A balance sheet provides a snapshot of a business’ assets, liabilities, and equity at a particular point in time. It is an extremely important document for lenders to examine as it provides an assessment of financial health, focusing on current liabilities, lines of credit, long-term debts, and the owner’s equity. Businesses seeking loans need to maintain a lean debt profile as excessive debt can be flagged. A cleaner balance sheet will increase the chance of loan approval.
7. Bank statement and ratings
Bank statements can reveal much about a business’s financial stability. Lenders can look at the average monthly balance, ensuring the business isn’t living paycheck to paycheck. While traditional lenders may request up to six months of bank statements, alternative lenders could settle for three. But the emphasis remains on consistency in maintaining a decent balance.
Banks may also look at the transaction history within the accounts to verify sales or otherwise. Based on your past account balance and dealings with the bank, the bank assigns a rating to your business account. A low rating indicates past defaults or problematic transactions, and it can slow down or lower the chance of your loan approval.
Apart from bank statements, there are other documents required to apply for financing. Read our guide to know what documents are needed for a small business loan.
8. Business cash flow
Cash flow is the lifeblood of any business, as business cash flow is essentially the net amount of cash moving in and out. It clearly shows the financial health by revealing the net amount remaining after settling all business-related expenses. Lenders are very in tune with this number and also look at the debt service coverage ratio (DSCR) before and after the loan disbursal. The DSCR is calculated by dividing net operating income by total debts. A favorable ratio of 1.25 or more assures the lenders of a business’ ability to handle its debt, and the higher the ratio, the better chances of loan approval.
9. Income tax returns
Income tax returns, both personal and business, are typically requested by lenders from the preceding financial year. This will help them identify any potential red flags like tax defaults or identify any signs of tax fraud. A clean tax return will reflect financial responsibility and enhance the odds of loan approval.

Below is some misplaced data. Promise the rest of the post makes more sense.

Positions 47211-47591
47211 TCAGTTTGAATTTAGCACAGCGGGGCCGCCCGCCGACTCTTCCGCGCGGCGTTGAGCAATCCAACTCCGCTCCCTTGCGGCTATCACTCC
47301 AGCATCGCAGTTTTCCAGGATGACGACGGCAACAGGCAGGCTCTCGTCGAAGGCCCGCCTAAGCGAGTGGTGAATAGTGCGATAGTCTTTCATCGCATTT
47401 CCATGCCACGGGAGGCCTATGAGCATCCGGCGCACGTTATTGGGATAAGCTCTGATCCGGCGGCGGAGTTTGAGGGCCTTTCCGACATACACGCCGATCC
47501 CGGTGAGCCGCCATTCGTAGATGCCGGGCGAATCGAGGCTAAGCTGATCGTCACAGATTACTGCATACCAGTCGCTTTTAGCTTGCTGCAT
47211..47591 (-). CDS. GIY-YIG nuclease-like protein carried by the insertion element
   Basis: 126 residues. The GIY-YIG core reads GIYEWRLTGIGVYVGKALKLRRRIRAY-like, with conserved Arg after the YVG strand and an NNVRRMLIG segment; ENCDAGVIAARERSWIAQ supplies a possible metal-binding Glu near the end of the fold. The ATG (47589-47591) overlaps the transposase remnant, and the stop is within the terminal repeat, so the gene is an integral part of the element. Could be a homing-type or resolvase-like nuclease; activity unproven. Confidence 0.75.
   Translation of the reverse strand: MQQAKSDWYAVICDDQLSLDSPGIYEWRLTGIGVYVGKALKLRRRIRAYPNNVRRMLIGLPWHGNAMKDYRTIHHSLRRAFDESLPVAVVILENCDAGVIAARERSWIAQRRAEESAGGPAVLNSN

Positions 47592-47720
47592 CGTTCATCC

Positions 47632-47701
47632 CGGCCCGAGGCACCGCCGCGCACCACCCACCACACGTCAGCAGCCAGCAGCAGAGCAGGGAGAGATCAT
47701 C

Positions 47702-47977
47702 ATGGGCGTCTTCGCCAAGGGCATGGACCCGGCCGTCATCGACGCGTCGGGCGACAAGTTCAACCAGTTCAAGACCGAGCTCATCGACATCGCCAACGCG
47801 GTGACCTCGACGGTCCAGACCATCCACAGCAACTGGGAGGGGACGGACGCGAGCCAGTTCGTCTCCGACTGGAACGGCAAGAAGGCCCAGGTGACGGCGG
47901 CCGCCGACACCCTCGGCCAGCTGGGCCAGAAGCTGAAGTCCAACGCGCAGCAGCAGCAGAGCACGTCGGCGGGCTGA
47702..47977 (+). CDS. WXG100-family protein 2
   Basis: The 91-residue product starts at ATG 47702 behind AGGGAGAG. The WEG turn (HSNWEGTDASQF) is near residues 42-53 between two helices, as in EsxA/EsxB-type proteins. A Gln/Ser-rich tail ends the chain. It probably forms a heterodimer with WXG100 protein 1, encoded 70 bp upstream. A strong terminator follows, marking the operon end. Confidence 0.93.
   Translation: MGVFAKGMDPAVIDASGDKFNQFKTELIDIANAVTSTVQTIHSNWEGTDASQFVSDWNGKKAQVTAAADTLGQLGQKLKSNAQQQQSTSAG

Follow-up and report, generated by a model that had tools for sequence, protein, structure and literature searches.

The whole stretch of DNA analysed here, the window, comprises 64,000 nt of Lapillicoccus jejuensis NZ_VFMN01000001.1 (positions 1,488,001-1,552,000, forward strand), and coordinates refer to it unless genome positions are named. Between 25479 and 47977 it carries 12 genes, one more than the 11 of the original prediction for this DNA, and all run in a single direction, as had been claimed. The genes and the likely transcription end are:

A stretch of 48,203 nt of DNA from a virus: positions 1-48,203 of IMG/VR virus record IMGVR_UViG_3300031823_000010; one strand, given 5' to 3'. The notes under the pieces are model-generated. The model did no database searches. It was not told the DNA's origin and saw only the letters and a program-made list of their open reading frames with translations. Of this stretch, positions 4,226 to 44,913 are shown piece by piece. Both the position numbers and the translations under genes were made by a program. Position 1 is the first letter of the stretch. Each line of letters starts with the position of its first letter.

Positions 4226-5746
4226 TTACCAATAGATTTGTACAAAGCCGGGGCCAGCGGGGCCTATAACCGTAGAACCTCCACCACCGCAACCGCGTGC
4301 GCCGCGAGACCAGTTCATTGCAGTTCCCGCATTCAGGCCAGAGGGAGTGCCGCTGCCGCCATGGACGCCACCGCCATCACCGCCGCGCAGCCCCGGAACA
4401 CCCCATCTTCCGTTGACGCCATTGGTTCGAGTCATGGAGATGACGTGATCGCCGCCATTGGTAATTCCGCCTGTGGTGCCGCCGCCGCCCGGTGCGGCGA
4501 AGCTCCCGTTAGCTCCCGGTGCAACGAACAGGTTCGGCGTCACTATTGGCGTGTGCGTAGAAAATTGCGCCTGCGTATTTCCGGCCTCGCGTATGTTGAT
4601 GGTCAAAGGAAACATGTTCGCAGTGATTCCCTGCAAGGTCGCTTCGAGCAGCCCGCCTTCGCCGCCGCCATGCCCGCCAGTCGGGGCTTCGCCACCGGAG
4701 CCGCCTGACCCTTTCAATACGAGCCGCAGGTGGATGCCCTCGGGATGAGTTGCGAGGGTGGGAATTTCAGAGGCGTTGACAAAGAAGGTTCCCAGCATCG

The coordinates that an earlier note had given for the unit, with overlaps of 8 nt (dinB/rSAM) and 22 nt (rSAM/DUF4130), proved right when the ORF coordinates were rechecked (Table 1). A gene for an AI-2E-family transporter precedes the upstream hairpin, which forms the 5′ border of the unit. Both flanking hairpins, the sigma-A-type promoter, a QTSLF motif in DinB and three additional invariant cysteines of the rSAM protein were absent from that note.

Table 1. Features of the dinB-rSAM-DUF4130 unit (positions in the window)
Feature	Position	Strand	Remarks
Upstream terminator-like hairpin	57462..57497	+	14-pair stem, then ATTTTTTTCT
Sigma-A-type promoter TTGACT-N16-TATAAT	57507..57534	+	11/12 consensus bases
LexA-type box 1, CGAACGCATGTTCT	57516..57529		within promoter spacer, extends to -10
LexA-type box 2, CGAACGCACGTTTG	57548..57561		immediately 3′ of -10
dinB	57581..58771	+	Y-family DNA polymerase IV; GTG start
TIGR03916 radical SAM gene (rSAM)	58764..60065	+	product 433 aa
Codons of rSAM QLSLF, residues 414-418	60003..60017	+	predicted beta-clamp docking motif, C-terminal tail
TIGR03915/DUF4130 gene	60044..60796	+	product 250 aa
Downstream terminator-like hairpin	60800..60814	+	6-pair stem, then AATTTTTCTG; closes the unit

Collateral is a tangible asset that a borrower offers to secure a loan. It is a safety net for lenders, ensuring they have the means to recoup their money if a borrower defaults. If a loan is unpaid, the lender has the right to seize the collateral. Traditional lenders are more inclined to request collateral, whereas alternative lenders might offer more flexibility in this regard as they offer business loans without collateral with the help of personal guarantee.
11. Personal Guarantee and Assets
A personal guarantee is a commitment by the business owner, which assures the repayment of the loan personally even if the business fails. Unlike collateral, a personal guarantee is an assurance based on trustworthiness. Most alternative lenders seek a personal guarantee in the absence of collateral, tying the individual’s assets to the loan’s security.
12. Business Plan
A business plan outlines the goals, strategies, and financial projections of a company. Having a strong business plan will help lenders evaluate the business’ potential profitability and ability to repay the loan. While it typically has details like market analysis, organization structure, and financial forecasts, some alternative lenders don’t require it. Still, it is always beneficial to have one prepared. Follow our guide on how to write a business plan for a loan.
Understanding a lender’s prerequisites is the first step to securing a small business loan. For additional information, visit our article “How to get a small business loan” to navigate various loan types and their application procedures.
About the Author
Kelly Hillock is the content marketing manager for SmallBusinessLoans, where she writes and edits articles for small business owners. Kelly has over eight years’ experience in copywriting across a variety of industries, focusing on entrepreneurship and finance. She has a Bachelor of Arts in journalism from San Diego State University.